These chapters are mostly descriptive, giving the narrator a chance to analyze
Hester and her daughter Pearl. In Chapter 5, Hester is released from prison
and chooses to stay in the village. Hester, however, is alienated from everyone:
town fathers, respected women, beggars, children, and even strangers.
At the same time that people ostracize her, they also seek her out because
of her ability with embroideries and her fine taste. Her handiwork is not
allowed to be worn by brides as she is a "fallen woman."
Hester lives a very lonely life. Her only companion is her daughter Pearl,
who is described as a "beautiful flower growing out of guilty conditions.
Pearl is so named because she was "purchased with all [Hester] had -
her mother's only treasure!"
Pearl is a precocious child and very beautiful. She is always dressed impeccably
and wears different outfits whenever she goes out. Hester sews all of her
clothes and chooses bright colors. She is strong willed and stubborn and refuses
to follow the Puritan laws. Hester loves her dearly but she finds it very
difficult to control her and this causes many turbulent moments for Hester.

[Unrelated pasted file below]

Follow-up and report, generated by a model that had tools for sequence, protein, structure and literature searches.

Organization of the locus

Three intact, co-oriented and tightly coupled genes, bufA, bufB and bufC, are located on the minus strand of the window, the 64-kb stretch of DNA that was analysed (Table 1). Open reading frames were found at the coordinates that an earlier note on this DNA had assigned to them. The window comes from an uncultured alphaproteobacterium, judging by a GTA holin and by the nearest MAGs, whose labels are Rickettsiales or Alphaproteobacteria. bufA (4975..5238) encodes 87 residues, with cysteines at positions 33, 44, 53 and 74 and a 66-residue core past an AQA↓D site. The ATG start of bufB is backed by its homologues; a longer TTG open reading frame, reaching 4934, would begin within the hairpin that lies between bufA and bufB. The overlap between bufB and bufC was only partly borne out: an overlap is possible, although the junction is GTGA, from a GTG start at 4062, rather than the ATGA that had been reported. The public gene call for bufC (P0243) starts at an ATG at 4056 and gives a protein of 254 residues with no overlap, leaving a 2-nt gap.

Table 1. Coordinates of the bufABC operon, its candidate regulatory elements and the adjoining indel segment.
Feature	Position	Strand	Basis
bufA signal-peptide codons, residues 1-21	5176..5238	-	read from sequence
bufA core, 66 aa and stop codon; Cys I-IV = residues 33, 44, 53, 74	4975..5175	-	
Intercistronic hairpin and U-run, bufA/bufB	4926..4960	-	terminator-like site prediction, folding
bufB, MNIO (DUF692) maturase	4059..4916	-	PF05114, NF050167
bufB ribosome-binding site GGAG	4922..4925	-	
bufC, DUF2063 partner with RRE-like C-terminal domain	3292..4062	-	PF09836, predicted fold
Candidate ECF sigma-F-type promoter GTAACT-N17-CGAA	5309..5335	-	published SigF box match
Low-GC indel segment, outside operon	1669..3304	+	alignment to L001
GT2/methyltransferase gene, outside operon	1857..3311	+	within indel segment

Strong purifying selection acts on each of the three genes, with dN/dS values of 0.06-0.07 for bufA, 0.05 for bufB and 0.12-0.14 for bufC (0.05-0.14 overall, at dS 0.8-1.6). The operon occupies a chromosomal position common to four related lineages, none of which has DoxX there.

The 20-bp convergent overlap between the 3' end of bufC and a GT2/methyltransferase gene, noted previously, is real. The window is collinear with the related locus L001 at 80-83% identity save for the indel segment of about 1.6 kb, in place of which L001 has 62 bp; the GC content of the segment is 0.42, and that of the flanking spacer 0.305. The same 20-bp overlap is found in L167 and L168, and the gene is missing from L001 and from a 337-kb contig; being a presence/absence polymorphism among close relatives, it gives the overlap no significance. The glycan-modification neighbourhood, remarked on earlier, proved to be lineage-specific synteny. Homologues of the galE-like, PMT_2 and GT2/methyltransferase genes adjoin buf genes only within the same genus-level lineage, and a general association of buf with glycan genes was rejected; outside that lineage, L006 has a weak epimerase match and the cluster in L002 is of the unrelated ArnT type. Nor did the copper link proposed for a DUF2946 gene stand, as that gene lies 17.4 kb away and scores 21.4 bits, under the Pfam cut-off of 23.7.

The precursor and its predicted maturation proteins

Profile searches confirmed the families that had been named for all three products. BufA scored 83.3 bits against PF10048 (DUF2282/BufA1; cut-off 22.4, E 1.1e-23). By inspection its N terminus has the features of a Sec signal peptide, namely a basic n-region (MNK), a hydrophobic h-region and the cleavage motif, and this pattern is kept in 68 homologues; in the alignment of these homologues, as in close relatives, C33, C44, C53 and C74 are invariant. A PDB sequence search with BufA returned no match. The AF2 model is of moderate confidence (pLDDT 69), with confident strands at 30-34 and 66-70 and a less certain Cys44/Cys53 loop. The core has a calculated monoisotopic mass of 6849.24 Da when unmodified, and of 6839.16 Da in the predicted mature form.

When Pearl is three years old, Hester hears that the townfathers are planning
to take Pearl away from her so that she can be raised as a "good"
Puritan. She decides to speak to the Governor and plead her case. She takes
Peal with her and both are filled with a certain amount of awe as they enter
the governor's mansion.
When she meets the Governor, he is with Reverend John Wilson, Reverend Arthur
Dimmesdale, and Roger Chillingworth. The governor tries to speak with Pearl
in order to determine if she has any religious knowledge. Even though Hester
has been teaching Pearl all along, Pearl doesn't let on that she knows anything.
The Governor is horrified and feels justified in wanting to take Pearl away
from Hester. In despair, Hester turns to her minister, Reverend Dimmesdale,
and asks him to plead her case. He does so very eloquently and Hester is allowed
to keep Pearl.
Hester continues to be the outcast of the community and the shame of her
act is bestowed upon Pearl as well. The child becomes the living scarlet letter.
This is underscored when Hester dresses her in a gorgeous "crimson velvet
tunic" and when Pearl is called a "Red Rose" by Wilson.
The forest which surrounds the colony becomes symbolic for the purity of
nature, unspoiled by mankind. This is the place where Hester finds sanctity..